Language in Society


GUNTHER KRESS & THEO VAN LEEUWEN, Multimodal discourse: The modes and media of contemporary communication. London: Arnold, 2001. Pp. vii, 142. Hb $72.00, Pb $24.95.

Silke  Brandt  a1
a1 American Studies, University of Leipzig, and Max Planck Institute for Evolutionary Anthropology, Leipzig 04103, Germany,

Article author query
brandt s   [PubMed][Google Scholar] 

Multimodal Discourse offers a theoretical framework for the study of communication in the modern world of multimedia. The book helps students of linguistics, cultural studies, and communication as well as journalists, photographers, designers, and others who work practically in the field of communication and design, to understand and differentiate the distinct levels of mass communication and their interaction. The authors also give an overview of the development of communication and discourse and show how this development is influenced by overall changes in society and social life. All the definitions of theoretical concepts and notions are further explained and illustrated by a great variety of examples. Linguists have shown that discourse is not only used and expressed in and/or by language; Kress & van Leeuwen also apply the term to music, architecture, and many other domains of culture. The notion of modes, however, is explained only in a very abstract way as “semiotic resources which allow the simultaneous realization of discourses and types of (inter)action” (p. 21). Media, on the other hand, are described as the material resources being used for the production. Examples of modes mentioned by the authors are music, language, and images. The medium is supposed to be the material, such as a book (6).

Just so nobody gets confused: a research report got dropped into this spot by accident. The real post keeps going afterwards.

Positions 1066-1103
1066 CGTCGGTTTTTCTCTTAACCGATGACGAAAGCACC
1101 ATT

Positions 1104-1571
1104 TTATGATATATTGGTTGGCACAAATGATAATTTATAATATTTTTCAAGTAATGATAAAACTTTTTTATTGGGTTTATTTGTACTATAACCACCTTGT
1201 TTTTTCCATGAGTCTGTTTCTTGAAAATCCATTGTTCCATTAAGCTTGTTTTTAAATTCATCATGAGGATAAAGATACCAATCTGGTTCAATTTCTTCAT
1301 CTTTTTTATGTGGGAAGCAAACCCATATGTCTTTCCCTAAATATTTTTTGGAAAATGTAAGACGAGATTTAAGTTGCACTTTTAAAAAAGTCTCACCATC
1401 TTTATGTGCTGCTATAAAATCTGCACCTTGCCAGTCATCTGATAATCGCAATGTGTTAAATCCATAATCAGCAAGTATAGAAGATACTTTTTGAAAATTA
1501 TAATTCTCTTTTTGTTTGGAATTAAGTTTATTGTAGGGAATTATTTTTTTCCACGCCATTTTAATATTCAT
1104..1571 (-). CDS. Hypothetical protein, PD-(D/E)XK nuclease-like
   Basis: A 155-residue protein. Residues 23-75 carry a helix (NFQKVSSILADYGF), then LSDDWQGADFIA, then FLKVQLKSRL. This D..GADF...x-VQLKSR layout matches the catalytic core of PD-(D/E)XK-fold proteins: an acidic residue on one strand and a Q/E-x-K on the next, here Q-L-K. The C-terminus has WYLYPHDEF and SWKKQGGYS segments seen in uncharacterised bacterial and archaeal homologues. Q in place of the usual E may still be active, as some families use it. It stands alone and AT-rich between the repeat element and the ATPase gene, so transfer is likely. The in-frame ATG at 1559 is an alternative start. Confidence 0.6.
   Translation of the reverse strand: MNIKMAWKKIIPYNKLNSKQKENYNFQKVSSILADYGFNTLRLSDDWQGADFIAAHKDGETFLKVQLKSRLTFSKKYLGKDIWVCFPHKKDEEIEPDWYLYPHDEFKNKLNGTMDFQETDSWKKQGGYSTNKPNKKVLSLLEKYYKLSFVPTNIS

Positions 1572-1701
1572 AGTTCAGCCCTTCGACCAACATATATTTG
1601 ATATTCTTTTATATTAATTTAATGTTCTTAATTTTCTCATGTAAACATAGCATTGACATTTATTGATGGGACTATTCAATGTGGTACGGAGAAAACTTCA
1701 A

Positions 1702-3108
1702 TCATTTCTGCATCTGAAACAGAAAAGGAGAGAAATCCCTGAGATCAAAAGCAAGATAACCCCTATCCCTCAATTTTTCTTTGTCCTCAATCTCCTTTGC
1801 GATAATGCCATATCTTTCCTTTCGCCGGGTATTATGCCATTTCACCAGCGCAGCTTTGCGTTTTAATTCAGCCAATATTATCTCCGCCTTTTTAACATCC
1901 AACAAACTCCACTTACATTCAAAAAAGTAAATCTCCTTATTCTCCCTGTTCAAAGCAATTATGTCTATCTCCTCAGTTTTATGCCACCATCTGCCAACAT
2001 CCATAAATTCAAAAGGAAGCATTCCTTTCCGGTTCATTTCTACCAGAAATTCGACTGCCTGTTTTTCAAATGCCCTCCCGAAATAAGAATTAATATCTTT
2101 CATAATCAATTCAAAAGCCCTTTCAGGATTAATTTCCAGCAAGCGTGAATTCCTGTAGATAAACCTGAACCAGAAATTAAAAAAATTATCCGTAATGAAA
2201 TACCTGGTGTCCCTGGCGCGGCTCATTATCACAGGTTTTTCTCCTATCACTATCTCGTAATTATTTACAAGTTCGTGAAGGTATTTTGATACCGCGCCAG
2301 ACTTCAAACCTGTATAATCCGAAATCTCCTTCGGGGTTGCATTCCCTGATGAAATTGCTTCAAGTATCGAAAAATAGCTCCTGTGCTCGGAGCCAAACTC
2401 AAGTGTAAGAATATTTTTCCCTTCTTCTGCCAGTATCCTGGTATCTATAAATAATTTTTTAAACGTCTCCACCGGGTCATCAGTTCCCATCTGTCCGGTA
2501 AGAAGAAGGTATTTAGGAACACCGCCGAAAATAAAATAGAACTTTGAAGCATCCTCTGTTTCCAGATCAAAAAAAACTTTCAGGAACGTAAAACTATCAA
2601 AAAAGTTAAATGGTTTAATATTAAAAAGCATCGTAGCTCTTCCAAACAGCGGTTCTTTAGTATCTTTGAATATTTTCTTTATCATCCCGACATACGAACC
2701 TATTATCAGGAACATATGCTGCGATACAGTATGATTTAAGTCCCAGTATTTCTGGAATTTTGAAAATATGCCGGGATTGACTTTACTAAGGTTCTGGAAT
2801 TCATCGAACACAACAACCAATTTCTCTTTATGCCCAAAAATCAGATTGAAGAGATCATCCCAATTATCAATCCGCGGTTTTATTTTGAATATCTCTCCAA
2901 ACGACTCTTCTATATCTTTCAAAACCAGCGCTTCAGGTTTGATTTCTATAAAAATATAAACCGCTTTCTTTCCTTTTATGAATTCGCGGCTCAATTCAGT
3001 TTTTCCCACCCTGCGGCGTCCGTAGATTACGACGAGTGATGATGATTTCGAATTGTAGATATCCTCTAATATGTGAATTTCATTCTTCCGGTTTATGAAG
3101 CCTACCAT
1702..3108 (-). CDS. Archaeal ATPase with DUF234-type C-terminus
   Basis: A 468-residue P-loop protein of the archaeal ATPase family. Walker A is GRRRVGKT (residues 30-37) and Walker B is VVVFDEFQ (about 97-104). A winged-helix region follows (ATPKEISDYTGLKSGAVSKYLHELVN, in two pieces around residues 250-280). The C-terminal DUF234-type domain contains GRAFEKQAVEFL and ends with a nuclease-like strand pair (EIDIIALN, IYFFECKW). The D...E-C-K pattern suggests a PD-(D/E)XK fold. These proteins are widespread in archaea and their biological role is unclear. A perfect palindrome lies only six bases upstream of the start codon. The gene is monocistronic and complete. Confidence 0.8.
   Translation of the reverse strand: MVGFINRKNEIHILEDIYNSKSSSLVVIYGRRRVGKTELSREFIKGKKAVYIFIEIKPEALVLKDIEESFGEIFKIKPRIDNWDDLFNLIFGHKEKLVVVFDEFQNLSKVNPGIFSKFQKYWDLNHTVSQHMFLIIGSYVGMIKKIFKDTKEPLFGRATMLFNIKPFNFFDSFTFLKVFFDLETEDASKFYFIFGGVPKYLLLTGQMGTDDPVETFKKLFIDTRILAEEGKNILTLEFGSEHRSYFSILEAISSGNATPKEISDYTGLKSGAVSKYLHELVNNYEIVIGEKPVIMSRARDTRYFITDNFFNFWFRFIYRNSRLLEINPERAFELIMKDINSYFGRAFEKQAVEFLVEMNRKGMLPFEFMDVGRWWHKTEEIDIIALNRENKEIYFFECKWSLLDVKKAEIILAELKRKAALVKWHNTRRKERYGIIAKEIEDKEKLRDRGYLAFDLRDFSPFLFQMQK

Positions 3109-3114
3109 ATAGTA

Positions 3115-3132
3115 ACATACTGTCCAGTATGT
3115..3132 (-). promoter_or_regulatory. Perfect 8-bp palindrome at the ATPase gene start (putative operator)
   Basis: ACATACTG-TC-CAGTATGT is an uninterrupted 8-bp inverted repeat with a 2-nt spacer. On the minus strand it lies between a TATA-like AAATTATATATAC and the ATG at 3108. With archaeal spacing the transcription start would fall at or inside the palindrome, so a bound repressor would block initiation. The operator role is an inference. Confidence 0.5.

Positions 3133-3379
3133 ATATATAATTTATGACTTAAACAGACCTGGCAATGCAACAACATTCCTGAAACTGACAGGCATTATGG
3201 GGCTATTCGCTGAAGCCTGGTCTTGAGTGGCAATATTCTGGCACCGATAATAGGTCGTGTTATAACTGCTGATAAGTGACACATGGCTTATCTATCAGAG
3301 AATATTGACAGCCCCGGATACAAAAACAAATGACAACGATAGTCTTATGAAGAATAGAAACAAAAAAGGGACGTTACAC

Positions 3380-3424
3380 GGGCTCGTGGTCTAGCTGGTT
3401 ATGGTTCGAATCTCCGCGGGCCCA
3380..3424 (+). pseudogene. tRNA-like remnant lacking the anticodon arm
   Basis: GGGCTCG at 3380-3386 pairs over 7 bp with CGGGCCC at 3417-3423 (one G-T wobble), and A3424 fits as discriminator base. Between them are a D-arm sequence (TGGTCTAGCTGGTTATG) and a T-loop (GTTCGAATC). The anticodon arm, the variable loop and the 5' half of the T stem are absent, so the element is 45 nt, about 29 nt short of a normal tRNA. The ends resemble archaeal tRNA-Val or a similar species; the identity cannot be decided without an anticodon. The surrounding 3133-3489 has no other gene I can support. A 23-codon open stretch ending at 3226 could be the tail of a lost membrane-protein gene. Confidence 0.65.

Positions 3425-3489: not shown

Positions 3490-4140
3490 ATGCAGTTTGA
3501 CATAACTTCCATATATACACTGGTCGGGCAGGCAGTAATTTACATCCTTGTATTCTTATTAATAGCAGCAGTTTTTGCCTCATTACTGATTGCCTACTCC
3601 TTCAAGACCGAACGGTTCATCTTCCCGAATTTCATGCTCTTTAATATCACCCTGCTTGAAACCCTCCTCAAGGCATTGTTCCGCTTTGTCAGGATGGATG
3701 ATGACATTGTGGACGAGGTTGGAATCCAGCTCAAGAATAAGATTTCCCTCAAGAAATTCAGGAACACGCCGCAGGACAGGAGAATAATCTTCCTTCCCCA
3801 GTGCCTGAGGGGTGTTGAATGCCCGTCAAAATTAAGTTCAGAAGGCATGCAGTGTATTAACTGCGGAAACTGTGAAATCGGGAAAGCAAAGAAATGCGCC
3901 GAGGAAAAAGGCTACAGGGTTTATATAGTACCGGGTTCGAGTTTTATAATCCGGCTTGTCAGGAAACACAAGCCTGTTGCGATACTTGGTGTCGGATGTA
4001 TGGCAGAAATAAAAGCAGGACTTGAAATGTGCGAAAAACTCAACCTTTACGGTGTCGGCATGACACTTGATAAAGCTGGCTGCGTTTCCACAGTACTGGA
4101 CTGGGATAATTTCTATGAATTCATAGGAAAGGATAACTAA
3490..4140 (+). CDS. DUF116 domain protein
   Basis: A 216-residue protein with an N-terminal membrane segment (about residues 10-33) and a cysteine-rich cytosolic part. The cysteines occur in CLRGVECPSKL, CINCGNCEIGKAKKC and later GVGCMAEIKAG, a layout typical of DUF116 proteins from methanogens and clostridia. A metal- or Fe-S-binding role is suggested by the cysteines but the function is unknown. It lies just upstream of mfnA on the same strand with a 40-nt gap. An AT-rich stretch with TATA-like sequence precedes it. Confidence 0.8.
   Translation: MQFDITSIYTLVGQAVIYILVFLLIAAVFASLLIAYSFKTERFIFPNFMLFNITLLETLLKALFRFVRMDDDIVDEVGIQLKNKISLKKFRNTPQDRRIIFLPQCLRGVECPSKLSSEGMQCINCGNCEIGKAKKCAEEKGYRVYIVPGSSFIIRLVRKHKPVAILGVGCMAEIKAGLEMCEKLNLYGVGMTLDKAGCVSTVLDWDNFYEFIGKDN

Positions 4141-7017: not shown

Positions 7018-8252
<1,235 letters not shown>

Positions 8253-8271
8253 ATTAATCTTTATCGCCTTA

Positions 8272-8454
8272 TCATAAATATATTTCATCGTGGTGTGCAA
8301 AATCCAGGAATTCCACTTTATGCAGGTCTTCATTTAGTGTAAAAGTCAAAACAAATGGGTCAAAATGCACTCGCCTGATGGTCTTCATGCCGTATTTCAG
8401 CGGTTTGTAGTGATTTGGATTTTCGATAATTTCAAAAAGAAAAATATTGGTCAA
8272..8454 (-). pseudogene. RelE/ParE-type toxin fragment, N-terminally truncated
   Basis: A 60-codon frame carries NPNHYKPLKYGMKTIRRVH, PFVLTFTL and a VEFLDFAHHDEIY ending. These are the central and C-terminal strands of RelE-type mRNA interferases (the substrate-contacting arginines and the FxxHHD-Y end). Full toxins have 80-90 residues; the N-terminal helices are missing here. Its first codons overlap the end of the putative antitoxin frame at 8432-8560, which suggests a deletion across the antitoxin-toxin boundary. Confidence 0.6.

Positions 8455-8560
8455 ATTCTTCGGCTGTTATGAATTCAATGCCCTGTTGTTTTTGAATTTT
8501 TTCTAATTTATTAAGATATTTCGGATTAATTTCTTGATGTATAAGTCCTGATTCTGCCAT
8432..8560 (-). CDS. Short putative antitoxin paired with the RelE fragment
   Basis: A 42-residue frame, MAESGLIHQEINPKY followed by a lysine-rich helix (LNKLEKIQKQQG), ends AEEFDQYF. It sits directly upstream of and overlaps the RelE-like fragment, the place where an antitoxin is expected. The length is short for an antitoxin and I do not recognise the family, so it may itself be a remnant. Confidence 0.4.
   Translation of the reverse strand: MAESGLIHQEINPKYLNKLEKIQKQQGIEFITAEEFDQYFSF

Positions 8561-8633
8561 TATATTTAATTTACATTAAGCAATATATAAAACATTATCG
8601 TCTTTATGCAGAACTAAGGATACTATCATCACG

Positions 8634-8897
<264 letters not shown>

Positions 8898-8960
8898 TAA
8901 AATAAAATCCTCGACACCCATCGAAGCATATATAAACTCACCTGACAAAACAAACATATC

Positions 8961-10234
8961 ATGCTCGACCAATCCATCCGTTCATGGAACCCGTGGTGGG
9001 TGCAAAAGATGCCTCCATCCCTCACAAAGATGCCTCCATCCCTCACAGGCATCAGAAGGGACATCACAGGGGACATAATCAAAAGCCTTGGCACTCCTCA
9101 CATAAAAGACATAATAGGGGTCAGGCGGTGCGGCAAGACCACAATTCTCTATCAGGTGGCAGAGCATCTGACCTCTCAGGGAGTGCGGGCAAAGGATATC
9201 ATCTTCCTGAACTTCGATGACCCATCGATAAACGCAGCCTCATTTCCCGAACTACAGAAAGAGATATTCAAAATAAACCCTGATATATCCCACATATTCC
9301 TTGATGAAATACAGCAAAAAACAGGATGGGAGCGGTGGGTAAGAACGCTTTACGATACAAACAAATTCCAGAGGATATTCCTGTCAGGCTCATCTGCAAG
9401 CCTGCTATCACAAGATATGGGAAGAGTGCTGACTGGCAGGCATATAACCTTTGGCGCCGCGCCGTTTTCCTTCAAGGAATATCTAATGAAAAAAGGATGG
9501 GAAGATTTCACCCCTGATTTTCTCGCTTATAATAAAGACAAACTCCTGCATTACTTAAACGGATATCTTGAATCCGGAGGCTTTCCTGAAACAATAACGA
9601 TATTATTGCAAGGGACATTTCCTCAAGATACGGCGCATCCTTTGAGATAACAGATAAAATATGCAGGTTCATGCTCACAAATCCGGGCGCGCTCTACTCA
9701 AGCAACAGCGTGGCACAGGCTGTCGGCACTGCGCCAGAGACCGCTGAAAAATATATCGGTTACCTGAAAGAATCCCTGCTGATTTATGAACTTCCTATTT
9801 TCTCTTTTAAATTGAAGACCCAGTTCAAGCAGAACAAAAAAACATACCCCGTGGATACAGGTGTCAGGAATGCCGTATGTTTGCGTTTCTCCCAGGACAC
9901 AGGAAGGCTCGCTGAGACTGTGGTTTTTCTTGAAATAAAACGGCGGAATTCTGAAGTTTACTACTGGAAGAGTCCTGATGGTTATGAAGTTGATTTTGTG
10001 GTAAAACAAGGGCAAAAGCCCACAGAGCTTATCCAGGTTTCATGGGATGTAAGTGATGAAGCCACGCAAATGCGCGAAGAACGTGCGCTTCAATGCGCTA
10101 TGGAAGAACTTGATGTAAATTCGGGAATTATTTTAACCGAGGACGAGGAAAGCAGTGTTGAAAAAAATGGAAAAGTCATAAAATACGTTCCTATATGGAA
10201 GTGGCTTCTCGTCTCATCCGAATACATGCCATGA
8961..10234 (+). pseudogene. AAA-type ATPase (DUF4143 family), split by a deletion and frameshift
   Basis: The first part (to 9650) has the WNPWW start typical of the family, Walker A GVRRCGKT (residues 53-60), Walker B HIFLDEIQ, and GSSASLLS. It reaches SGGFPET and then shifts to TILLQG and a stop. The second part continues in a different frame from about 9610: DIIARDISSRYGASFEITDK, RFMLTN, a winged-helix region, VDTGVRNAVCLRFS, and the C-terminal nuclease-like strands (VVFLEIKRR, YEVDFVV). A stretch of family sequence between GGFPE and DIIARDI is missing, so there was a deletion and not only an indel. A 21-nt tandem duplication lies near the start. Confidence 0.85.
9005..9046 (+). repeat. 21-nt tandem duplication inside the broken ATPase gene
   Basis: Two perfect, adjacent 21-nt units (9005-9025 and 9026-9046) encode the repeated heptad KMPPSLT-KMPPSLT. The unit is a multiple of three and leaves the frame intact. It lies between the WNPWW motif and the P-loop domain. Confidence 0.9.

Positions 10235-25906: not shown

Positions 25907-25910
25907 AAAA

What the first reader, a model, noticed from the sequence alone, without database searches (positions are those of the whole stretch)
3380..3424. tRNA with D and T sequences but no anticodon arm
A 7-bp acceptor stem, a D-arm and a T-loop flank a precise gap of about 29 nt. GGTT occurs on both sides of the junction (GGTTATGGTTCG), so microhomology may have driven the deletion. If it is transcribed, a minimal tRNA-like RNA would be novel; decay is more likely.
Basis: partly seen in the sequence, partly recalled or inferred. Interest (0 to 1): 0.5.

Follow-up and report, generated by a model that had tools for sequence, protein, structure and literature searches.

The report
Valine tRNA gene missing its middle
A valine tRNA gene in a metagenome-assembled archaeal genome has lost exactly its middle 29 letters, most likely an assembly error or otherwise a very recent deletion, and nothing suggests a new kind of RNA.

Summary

(Received March 1 2003)